In Denmark over the weekend, lovers of fatty foods including butter and pizza paid more to indulge.
The government debuted a new tax on foods containing more than 2.3-per-cent saturated fat – affecting the cost of everything from milk to oils and packaged foods. Customers will pay about $3 per kilogram of saturated fat in a product.
The tax revenue will fund obesity-fighting measures, according to the Guardian.
As one Copenhagen resident, Mathias Buch Jensen, told the Guardian: “You know, Danes are big fans of butter. We love fat.”
He added: “Knowing the Danes, it could have the opposite effect. Like naughty children, when they are told not to do something, they do it even more.”
Along with such policy changes as regulating fast food more tightly and tinkering with school cafeteria offerings, taxing fatty foods is seen by many people as a way to steer people toward healthier choices.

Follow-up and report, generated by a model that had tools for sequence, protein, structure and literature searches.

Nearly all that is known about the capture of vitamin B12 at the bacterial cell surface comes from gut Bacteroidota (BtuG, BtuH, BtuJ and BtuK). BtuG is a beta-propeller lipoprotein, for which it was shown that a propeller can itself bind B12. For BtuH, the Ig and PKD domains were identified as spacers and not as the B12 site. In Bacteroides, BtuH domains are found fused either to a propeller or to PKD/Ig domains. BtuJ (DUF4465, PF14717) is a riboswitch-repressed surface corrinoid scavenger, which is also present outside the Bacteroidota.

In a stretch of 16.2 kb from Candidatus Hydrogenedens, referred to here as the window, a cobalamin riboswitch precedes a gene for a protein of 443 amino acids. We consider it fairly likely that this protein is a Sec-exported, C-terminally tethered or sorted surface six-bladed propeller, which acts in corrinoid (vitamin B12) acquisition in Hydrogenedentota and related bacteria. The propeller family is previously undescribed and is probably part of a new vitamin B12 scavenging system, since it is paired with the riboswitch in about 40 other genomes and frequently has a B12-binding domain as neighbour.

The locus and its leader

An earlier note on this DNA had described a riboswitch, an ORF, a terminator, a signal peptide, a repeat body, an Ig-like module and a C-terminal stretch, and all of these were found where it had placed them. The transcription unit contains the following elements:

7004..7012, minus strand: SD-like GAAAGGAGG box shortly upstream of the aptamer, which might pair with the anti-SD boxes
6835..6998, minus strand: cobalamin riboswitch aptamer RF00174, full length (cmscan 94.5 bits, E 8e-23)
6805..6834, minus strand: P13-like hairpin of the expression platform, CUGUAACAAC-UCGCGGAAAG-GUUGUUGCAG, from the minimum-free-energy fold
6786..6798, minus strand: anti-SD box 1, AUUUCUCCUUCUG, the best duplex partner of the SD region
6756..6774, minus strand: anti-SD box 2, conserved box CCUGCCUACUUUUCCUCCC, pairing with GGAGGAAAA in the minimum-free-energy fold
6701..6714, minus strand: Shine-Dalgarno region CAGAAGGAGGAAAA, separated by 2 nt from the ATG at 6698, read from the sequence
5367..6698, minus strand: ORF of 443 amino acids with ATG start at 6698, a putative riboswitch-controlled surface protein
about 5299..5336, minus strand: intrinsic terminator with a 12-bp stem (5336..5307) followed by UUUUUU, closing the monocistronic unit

According to the Guardian, “Hungary has recently imposed a tax on all foods with unhealthy levels of sugar, salt and carbohydrates, as well as goods with high levels of caffeine. Denmark, Switzerland and Austria have already banned trans fats, while Finland and Romania are considering fat taxes.”
Variations on these ideas have been floated here in Canada for years. Last year, Quebec medical specialists launched a campaign for a tax on junk food, saying that “eating less junk food reduces the risk of developing serious health problems such as cardiovascular diseases, high blood pressure, cholesterol and diabetes,” according to a CTV story.
And this month, another group urged the Quebec government to introduce a sugar tax on soft drinks and energy drinks.
So no doubt all eyes will be on Denmark’s fat-tax experiment.
But should fatty foods like French fries or sugary foods like cola be taxed at a higher rate? Would this make you think twice at the cash register?